This post appeared originally at the ScienceBlogs Home of Terra Sigillata on 20 November 2009.
In September we posted “M.D. Anderson name misused in Evolv nutraceutical water advertising,” detailing the not-exactly-truthful claim by a multilevel marketing company that their bottled water product was “tested” by one of North America’s premier teaching and research hospitals.
A flurry of search engine hits to this post raised my attention to the fact that the The University of Texas M.D. Anderson Cancer Center has now initiated legal action against the makers of Evolv. Cameron Langford at Courthouse News Service reports:
Two companies are pushing bottled tap water with false claims that it’s endorsed by the MD Anderson Cancer Center, the University of Texas says in Federal Court. The UT says HealtH20 Products and Evolvehealth sell the bogus water it as “Evolv,” claiming it is infused with an “Archaea Active formula.” [. . .]
[. . .] “Specifically, defendants are misleading consumers and cancer patients into believing that UT’s MD Anderson conducted extensive testing of the main formula in the Evolv product, known as ‘Archaea Active,” the UT says.
“Defendants’ misuse of the MD Anderson marks creates, at a minimum, a likelihood that cancer patients and consumers will falsely believe that defendants’ products is sponsored or endorsed by UT’s MD Anderson, when in fact, MD Anderson does not endorse or recommend the use of the defendants’ product.”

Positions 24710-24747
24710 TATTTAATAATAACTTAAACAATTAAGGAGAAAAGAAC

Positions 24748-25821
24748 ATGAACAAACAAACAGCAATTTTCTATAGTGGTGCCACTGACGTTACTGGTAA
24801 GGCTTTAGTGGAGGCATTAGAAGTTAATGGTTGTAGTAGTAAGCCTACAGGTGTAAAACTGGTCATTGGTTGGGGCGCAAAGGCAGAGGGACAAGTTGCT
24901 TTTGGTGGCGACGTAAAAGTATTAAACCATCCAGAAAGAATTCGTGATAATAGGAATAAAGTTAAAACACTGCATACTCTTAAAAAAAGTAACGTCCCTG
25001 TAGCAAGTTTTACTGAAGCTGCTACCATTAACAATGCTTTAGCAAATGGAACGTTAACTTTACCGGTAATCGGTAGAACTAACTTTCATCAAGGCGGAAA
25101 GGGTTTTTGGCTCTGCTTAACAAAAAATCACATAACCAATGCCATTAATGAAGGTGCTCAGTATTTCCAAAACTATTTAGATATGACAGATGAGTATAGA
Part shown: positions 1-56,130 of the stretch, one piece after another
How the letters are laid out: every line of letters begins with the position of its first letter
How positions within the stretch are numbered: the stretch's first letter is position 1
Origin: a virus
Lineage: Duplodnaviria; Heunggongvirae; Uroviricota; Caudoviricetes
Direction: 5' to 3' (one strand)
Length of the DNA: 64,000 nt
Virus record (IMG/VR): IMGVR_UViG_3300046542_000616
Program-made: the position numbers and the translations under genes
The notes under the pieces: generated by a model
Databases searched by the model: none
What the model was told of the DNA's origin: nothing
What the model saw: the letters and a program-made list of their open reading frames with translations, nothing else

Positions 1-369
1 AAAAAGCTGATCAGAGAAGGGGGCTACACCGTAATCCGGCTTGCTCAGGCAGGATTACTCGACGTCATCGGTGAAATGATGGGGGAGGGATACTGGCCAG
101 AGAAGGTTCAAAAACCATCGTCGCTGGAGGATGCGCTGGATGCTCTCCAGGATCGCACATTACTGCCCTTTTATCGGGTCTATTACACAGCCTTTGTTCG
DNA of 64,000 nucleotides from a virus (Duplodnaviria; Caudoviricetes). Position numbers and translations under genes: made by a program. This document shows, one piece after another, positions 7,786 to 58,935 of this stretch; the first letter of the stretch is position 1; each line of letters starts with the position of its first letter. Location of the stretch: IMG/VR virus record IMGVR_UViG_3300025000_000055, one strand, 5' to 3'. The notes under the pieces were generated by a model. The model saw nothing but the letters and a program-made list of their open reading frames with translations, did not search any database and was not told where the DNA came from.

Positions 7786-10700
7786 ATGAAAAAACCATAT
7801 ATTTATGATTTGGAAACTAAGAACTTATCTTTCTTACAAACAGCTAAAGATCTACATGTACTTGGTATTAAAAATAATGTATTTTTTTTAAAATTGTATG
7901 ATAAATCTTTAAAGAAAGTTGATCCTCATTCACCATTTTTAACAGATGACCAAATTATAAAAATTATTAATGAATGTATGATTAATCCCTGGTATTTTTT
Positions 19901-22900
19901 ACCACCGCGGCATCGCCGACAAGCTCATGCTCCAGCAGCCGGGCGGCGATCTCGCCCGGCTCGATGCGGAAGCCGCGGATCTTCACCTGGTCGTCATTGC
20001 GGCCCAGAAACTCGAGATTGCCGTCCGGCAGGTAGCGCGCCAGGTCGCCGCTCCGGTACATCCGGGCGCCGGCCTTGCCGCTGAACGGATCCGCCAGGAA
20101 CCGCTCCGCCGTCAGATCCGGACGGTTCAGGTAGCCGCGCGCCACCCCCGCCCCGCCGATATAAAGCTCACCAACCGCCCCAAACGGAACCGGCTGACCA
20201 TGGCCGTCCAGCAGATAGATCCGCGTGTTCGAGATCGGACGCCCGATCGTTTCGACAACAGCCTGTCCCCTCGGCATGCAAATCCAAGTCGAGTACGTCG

Natural products researchers, including yours truly, are used to supplement companies misrepresenting our published papers in their advertising literature. There’s not much we can do as individuals when our work is cited on a webpage.
However, there’s a much more serious issue going on in this case: according to the official complaint filed against the companies by the Board of Regents of The University of Texas System (PDF here from Courthouse News) M.D. Anderson and The University of Texas M.D. Anderson Cancer Center are registered US trademarks.
When the M.D. Anderson name was first used in Evolv product advertising, the center’s Office of External Communications released this relatively light-hearted statement on 9 September clarifying that the institution did conduct fee-for-service testing the product for anti-inflammatory activity but did no efficacy or toxicity testing.
According to item 25 in the complaint, a more official and stern request to the manufacturers followed on 4 November and “demanded that the defendants cease using the M.D Anderson Marks.” Defendants, however, refused to comply with UT’s demands.”
Incidentally, the complaint notes in item 24 that the defendants attempted to obtain from the University of Texas an exclusive, world-wide, royalty-free license to use the M.D. Anderson Marks in relation to the Evolv water beverage” after the initial objections of the cancer center
(Not listed in the complaint was what I suspect was M.D. Anderson’s likely response: “What, are you people high or something?”)
Far as the UT Board of Regents is concerned, Evolv’s doing nothing more than using M.D. Anderson’s name and rep to build a “pyramid,” which is why it’s taking Evolv to court for trademark violation and trademark dilution and damages.